[2] Charchalis, A., Starosta, R., Labuda, W., Estimation of the influence of burnishing tool passes number on ships pumps shafts surface layers strengthening and roughness changes, Journal of KONES Powertrain and Transport, Vol. 16/ No. 4, pp. 43 – 50, Zakopane 2009.

[3] Charchalis, A., Starosta, R., Labuda, W., The influence of burnishing parameters on the roughness, plastic strain and shape deviations of marine pumps crankshaft pins in fresh water installations; Journal of KONBiN, , No 1-2 (9,10), pp. 57 -66, Warszawa 2009.

[4] Dyl, T., Skoblik, R., Starosta, R., The Effect of the Ceramic Dispersion on the Nickel Matrix Composite Coating Properties after Plastic Working, Solid State Phenomena, Vol. 147-149, pp. 813-818, Switzerland 2009.

[5] Dyl, T., Starosta, R., Skoblik, R., The effect of the unit pressure on the NiAl and Ni3Al intermetallic coatings selection parameters after plastic working, Solid State Phenomena, Vol. 165, pp. 19-24, Switzerland 2010.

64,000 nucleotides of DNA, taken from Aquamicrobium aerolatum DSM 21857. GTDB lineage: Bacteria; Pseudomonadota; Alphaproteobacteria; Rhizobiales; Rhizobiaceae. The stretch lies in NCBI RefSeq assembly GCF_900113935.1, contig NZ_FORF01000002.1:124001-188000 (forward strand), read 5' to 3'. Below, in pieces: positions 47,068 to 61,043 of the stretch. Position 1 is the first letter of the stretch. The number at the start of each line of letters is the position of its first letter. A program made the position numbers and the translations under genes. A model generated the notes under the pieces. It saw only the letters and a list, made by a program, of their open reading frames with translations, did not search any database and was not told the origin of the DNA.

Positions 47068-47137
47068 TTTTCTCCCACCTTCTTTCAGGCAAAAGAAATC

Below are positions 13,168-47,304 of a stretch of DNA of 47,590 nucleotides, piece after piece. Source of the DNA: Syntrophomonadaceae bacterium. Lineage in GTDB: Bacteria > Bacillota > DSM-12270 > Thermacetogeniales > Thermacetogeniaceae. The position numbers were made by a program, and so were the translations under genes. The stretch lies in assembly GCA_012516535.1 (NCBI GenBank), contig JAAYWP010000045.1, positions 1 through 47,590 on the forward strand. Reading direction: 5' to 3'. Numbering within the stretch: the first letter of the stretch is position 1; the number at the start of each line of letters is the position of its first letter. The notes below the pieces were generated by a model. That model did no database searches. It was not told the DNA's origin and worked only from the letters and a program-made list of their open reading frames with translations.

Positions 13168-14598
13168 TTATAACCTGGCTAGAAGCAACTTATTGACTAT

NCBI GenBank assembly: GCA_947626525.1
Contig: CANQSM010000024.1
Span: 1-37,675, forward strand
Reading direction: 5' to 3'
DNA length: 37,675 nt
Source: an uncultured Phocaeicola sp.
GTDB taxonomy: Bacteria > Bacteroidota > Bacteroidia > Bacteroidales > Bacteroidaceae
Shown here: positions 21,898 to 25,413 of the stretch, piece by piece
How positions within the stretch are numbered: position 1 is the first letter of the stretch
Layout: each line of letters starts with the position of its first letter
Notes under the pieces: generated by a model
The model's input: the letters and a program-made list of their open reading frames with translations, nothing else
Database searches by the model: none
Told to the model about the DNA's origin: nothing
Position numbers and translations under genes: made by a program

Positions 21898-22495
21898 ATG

[6] Labuda, W., Starosta, R., Estimation of the influence of burnishing parameters on X5CrNi18-10 steel, Solid State Phenomena , Trans Tech Publication, Vol. 165, pp 300 – 305, Switzerland 2010.

[7] Labuda, W., Starosta, R., Dyl, T.,Estimation of the influence of burnishing parameters on steel X5CrNi1810 surface layers strengthening and roughness changes, Journal of KONES Powertrain and Transport, Vol. 15/ No. 3, pp. 259 – 267, Warszawa 2008.

[8] Przybylski, W.,Wspó�czesne problemy w technologii obróbki przez nagniatanie, Wydawnictwa Politechniki Gda�skiej, Gda�sk 2005.